For comparison, I also found an estimate of 1.12 kg of CO2/kg for Rockwool. By that measure, Rockwool is way more environmentally friendly than sheep's wool.

    More:
    Carbon Footprint of Lamb and Wool Production at Farm Gate and the Regional Scale in Southern Patagonia
    https://www.mdpi.com/2071-1050/12/8/3077/pdf#

    Retrofitting Buildings: Embodied & Operational Energy Use in English Housing Stock
    https://core.ac.uk/download/pdf/161339224.pdf#
    • CommentAuthorEd Davies
    • CommentTimeMar 5th 2021
     
    Posted By: Mike1the production of 1kg of 'greasy wool' (wool as shorn from the sheep) embodies between 7.8 and 36.2 kg of CO2-evilalent at the farm gate. … Of course there were many other variables, particularly the allocation between meat and wool.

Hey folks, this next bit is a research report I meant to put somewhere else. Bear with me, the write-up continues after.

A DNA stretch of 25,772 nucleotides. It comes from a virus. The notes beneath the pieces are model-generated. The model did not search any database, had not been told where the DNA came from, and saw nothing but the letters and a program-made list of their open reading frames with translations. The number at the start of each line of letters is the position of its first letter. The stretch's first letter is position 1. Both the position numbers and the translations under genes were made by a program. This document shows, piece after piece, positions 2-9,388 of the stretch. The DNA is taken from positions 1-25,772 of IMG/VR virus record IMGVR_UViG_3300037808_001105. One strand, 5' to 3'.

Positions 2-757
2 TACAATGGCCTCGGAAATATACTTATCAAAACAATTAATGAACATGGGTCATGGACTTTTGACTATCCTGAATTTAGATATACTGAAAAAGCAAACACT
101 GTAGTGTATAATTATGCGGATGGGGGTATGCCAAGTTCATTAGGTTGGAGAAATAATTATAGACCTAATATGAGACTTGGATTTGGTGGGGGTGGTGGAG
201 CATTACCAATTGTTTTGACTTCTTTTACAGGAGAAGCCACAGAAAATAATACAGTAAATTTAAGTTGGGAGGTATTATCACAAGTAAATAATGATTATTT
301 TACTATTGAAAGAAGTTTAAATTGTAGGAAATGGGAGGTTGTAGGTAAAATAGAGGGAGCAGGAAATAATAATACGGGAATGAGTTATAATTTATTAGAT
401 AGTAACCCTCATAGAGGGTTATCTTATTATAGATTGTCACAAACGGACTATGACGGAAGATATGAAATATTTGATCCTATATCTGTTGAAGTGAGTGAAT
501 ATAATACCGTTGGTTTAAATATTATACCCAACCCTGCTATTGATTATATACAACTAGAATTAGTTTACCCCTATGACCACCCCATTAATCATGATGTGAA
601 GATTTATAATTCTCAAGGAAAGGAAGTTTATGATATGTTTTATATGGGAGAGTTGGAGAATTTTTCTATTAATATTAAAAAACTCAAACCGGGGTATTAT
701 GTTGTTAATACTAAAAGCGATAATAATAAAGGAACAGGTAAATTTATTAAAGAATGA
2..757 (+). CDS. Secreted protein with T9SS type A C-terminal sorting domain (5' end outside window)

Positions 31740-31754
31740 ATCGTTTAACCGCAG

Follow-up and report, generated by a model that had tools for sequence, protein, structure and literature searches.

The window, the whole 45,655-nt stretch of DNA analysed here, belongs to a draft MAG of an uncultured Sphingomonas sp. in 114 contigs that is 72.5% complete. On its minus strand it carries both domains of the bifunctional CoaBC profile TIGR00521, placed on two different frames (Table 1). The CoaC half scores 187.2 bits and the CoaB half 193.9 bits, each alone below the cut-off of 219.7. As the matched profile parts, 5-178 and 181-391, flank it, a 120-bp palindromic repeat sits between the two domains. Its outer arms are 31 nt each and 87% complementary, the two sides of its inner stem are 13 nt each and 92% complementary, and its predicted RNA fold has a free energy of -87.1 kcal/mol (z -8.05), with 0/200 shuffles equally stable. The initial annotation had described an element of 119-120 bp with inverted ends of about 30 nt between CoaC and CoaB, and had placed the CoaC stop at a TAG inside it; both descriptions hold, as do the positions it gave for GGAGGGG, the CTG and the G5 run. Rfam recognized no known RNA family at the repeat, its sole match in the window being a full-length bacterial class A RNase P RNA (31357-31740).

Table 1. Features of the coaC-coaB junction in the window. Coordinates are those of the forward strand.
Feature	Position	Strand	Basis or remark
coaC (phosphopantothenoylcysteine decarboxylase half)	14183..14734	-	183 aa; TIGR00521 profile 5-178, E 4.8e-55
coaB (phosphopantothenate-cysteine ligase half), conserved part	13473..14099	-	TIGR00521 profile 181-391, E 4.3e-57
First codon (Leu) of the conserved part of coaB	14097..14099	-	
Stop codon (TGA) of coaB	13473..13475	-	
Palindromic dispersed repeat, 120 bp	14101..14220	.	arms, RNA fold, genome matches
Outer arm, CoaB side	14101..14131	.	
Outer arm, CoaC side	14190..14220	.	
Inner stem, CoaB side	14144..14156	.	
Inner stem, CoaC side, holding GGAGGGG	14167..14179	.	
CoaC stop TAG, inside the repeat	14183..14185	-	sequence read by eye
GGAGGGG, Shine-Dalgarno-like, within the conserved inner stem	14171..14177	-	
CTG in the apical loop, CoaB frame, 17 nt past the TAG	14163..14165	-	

Given that the wool is essentially a zero-monetary-value waste product at the farm gate, at least in Scotland, I can't see how it makes much sense to allocate any of the CO₂ production to it.
    • CommentAuthorMike1
    • CommentTimeMar 5th 2021 edited
     
    Posted By: Ed DaviesGiven that the wool is essentially a zero-monetary-value waste product at the farm gate, at least in Scotland, I can't see how it makes much sense to allocate any of the CO₂ production to it.

    Looks like that's mainly due to Covid:
    https://www.bbc.com/news/business-53421546
    https://www.agriland.co.uk/farming-news/british-wool-warns-of-10-million-kilos-of-unsold-wool/#

    The current market price in Australia is €8.47 / kg (https://www.wool.com/market-intelligence/weekly-price-reports/20202021/week-36-march-2021/).